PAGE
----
As for the dreaded return to work, I found my courage (this was difficult, but I was fortunate to have a therapist who knows a thing or two about interpersonal effectiveness and who was very encouraging) and I confided in my boss about my PPD and PPA. She was compassionate and agreed to allow me to one work-from-home day per week on a trial basis, and this went on for 15 months, to my shock and gratitude. Telling my boss about my PPD/PPA was one of the hardest parts of the whole experience, but it was a crucial step in the path to my recovery.

As time went by and therapy and self-care continued, I started to feel more like myself and less like someone who scared me. My confidence at this momming thing increased each day, even though I sometimes didn’t realize this until it was pointed out to me by someone else.

My son is 4 years old now, and I feel great, although it took me a while to get here and of course I have good and bad days, like we all do. But it is difficult to remember the extreme lows of PPD and PPA now, and the anxiety is no longer debilitating. So yes, I would say I feel normal now. If normal even exists, that is!


Photo credit: © bbbar – Fotolia.com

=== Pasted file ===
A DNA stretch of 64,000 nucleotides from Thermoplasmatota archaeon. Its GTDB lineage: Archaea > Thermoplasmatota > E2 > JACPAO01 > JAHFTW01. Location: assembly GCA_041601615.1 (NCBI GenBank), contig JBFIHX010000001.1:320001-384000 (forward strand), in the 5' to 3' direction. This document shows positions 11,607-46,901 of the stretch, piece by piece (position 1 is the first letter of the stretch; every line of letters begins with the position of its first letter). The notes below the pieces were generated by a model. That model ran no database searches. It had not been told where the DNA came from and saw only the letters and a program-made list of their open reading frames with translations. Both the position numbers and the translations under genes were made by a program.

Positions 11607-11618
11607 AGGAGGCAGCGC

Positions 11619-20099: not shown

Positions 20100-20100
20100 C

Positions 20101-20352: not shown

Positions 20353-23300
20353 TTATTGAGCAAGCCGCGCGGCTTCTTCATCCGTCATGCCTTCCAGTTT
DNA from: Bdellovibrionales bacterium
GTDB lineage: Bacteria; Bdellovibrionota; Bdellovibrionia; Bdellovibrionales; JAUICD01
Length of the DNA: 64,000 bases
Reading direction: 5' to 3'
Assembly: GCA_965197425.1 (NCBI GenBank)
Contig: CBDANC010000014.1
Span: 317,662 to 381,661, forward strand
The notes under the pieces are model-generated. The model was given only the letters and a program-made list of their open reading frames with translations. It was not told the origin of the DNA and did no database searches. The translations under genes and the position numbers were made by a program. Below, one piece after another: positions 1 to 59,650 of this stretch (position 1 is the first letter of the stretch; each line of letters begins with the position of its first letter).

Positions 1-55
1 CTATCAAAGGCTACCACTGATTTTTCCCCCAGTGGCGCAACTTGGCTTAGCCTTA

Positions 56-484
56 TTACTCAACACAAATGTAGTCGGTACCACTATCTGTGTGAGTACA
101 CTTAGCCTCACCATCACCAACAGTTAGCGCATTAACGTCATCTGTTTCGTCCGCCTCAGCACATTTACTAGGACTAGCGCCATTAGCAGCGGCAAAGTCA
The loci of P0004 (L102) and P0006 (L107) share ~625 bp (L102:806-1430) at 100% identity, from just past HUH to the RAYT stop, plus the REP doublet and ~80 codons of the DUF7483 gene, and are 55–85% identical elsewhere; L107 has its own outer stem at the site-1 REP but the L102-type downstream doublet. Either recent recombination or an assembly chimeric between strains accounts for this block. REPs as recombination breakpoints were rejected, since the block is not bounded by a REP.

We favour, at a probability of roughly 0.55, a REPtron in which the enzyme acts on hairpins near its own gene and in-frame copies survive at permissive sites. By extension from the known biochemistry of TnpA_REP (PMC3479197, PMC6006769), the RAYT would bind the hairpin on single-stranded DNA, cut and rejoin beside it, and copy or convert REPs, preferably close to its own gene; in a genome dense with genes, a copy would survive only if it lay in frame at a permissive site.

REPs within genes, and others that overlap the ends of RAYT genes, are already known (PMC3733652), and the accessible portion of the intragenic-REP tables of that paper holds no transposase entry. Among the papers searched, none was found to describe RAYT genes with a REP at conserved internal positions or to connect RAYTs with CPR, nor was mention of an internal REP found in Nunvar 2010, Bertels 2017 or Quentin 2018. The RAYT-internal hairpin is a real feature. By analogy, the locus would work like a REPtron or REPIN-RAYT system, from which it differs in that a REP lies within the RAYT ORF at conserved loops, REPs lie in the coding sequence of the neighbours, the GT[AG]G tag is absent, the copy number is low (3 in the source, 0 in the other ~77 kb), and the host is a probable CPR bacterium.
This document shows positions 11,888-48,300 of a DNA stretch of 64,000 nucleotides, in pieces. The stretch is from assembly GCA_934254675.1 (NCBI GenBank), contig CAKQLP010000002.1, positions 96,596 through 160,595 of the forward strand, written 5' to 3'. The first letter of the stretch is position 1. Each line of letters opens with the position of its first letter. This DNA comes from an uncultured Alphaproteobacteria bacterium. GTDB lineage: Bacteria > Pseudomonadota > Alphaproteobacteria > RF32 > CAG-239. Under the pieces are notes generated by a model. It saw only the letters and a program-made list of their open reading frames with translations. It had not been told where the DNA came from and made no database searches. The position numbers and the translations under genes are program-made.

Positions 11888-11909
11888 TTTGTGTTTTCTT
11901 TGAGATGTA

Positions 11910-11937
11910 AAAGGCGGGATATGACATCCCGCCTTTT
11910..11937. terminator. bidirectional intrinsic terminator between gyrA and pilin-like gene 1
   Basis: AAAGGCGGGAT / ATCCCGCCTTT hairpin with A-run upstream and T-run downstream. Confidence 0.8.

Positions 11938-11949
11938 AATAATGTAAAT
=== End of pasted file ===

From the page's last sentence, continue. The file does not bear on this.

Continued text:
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Beyond Medication: Other Treatments and Self Care

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Medication, while important for many, really shouldn’t be the end-all-be-all when it comes to treatment of postpartum mood disorders. I’m not a doctor of course, but I’ve learned this lesson over and over throughout the journey of my own mental illness. There are things I’ve discovered that each of us can do, on top of what we’re already doing with our doctors, to further our own treatment. I truly believe, its just as important to be a vigilant advocate for our own mental health care, as it is to have good doctors.

“Self care” is a word thrown around a lot. To me the word “self care” means ways I can take care of myself to be a better woman, wife and mother. Ways to put myself as a priority, to make myself feel good, less stressed or anxious, and more confident. Putting the oxygen mask on myself first before tending to others, so to speak.

photo (49)I’ve talked to a lot of women who’ve fought PPD and mental illness in my own advocacy work and blogging about mental illness and suicide prevention. So the below  tips are a compilation of my own ideas and others’ experience as well.

What can we do to actively participate in our own treatment?

Here are my top 10 suggestions (in no particular order, except the first one):

#1 Sleep. Without a doubt, to me the number one thing I can do to improve my mental health is get better sleep. Its not always easy with a new or young baby, I know. Really I do. But its vital for our well-being. If that means asking a family member to come over and watch the baby while you take a nap, or asking your spouse to let you sleep in on a Saturday, then do it. They say “it takes a village” for a reason. You cannot do it all alone on little to no sleep.